Tuesday, March 30, 1999
'74 tornado tore Xenia's heart
But spirit stronger than winds
BY LEW MOORES
The Cincinnati Enquirer
XENIA, Ohio Marilyn Mardis thought they were blackbirds, circling and circling, furiously. Catherine Wilson, 9 years old, couldn't quite figure out what the black specks were that swirled in the huge, dirty gray, breathing cloud.
Catherine Wilson, displaying a child's T-shirt from 1974, was 9 when her home was destroyed.
(Michael E. Keating photo)
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The blackbirds, the black specks, were actually shingles, pulled from the rooftops of Xenia on April 3, 1974.
The shingles, the lumber pried free and the walls from houses added color and form to the tornado that entered this town from the west and cut a devastating swath through the very heart of this community.
It took out buildings, swept houses from concrete slabs, imploded some homes, exploded others, destroyed businesses, uprooted trees, tore down power lines and so changed the very landscape that people had to blink to remember the moment before.
Joan Baxter shows a twig driven through a board - evidence of the tornado's power.
(Michael E. Keating photo)
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A quarter-century ago, much that was familiar to the 25,000 residents in Xenia disappeared. The city was devastated. Thirty-three people were killed, 1,600 were injured, more than 1,400 buildings were damaged or de stroyed, property damage was estimated at $75 million to $100 million.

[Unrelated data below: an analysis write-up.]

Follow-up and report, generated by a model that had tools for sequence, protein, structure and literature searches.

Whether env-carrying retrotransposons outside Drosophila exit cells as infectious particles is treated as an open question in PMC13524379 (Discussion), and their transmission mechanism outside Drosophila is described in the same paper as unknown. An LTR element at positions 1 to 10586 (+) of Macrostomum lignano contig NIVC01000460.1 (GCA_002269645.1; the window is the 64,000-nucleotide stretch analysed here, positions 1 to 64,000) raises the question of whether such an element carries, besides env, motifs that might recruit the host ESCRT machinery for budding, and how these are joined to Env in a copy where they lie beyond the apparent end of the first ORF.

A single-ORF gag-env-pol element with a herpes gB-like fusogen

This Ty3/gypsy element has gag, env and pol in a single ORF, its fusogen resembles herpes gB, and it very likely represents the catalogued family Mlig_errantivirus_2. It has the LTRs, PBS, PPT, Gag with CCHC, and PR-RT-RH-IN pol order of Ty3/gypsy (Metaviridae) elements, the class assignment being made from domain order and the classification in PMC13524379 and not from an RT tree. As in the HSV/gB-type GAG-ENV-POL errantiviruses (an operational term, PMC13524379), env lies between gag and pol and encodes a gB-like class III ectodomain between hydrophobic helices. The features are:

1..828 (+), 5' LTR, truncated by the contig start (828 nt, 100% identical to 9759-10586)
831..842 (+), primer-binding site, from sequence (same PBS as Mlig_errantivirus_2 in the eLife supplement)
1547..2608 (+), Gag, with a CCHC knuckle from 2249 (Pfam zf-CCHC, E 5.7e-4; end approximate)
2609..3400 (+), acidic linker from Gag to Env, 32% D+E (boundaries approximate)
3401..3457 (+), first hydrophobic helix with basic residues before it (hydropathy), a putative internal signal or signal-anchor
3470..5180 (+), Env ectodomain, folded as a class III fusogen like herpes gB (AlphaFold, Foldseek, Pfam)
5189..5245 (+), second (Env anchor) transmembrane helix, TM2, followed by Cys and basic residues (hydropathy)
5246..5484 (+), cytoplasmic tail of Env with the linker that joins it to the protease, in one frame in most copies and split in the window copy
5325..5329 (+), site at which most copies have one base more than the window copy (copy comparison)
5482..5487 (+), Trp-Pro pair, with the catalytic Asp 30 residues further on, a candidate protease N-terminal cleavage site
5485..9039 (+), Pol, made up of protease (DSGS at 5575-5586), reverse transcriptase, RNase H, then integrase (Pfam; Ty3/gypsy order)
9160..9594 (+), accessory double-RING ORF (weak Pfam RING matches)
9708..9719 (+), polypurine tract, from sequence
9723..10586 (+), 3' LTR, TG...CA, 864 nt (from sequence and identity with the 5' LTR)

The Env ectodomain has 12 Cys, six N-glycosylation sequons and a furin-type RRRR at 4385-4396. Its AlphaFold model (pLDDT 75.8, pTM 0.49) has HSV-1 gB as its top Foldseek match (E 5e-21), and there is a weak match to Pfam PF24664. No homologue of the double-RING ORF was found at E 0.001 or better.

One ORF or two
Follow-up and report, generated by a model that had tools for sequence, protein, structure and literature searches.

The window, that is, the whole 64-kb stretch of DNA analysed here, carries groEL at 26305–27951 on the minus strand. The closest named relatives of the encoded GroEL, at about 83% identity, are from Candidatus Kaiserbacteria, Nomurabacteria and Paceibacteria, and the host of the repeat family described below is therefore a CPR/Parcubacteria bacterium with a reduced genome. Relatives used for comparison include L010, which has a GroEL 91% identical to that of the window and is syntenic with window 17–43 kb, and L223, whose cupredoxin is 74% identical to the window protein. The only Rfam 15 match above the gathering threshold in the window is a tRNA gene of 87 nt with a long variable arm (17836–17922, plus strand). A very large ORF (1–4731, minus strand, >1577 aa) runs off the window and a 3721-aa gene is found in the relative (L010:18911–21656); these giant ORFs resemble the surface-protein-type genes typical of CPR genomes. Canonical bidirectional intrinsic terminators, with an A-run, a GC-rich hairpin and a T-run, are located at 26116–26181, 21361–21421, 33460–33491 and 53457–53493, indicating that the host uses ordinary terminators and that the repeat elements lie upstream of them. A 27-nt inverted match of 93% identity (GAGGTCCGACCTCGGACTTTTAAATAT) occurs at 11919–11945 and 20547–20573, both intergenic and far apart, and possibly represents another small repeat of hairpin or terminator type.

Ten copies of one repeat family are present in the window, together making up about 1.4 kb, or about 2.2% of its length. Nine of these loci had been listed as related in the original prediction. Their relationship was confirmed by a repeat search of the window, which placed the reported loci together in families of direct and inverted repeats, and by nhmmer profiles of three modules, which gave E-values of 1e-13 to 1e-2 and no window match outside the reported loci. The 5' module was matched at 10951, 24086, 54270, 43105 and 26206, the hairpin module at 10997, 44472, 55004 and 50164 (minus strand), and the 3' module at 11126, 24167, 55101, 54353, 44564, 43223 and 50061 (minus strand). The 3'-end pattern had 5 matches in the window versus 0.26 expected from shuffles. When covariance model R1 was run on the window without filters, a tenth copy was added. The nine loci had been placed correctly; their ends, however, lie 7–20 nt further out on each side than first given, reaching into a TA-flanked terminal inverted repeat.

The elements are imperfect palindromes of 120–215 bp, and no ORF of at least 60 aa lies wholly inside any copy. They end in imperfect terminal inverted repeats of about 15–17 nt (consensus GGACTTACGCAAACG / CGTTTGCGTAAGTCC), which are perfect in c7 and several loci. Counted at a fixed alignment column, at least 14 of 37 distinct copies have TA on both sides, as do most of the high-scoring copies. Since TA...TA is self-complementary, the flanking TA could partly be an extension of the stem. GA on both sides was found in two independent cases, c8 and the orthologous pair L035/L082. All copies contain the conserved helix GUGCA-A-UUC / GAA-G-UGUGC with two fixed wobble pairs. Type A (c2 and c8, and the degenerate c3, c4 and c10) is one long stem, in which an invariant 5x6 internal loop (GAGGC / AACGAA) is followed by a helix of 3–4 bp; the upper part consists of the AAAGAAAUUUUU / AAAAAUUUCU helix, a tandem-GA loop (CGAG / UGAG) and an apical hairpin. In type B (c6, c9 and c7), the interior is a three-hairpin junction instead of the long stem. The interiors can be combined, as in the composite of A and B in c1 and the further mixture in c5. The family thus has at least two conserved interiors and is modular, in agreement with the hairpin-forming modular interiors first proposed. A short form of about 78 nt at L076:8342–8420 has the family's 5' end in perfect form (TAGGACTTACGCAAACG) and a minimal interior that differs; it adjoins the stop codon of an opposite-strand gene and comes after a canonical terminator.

Ms. Wilson, led by her mother, took refuge in the bathtub in her house in Xenia's Arrowhead subdivision about 15 miles east of Dayton. Ms. Mardis watched the thick column of wind crawl down Main Street and finally took refuge in a service station at the corner of Orange and Main streets with her son, Ed, 16 at the time.
Tuffy Snider had never seen a tornado before and when he saw it coming, he thought to himself, Damn! as he watched timbers floating like butterflies down Main Street. In a moment he was inside the Hofbrau House.
Fred Stewart took this photo as the twister thundered through the Pine Crest Garden section of town.
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It's here, he announced, and about a dozen patrons crammed into a walk-in beer cooler.
The tornado that touched down in the Arrowhead subdivision and then swept east through downtown Xenia was actually part of a larger storm system that spawned tornadoes in about a dozen Midwestern and Southern states. They killed more than 300 people, injured more than 3,000, left more than 13,000 homeless and caused $442 million in damages.
In Cincinnati's Sayler Park, 130 people were injured no one was killed and 69 homes were destroyed. Hundreds more in Sayler Park were damaged. Five people died in Hamilton County. Dozens of homes in Green Township were damaged. Another tornado cut through Butler County, injuring 80 and damaging 500 homes.
But Xenia was the hardest-hit single location in the country. The cleanup began. National Guard troops were mobilized. The city responded by rolling up its sleeves.
The Xenia toll: 33 killed; 1,600 injured, and 1,400 buildings hit.
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Within the first year, more than 80 percent of the homes were rebuilt, as well as about 40 percent of the businesses. State and federal money for rebuilding would total more than $35 million in that first year, while close to $100 million was paid on property insurance policies.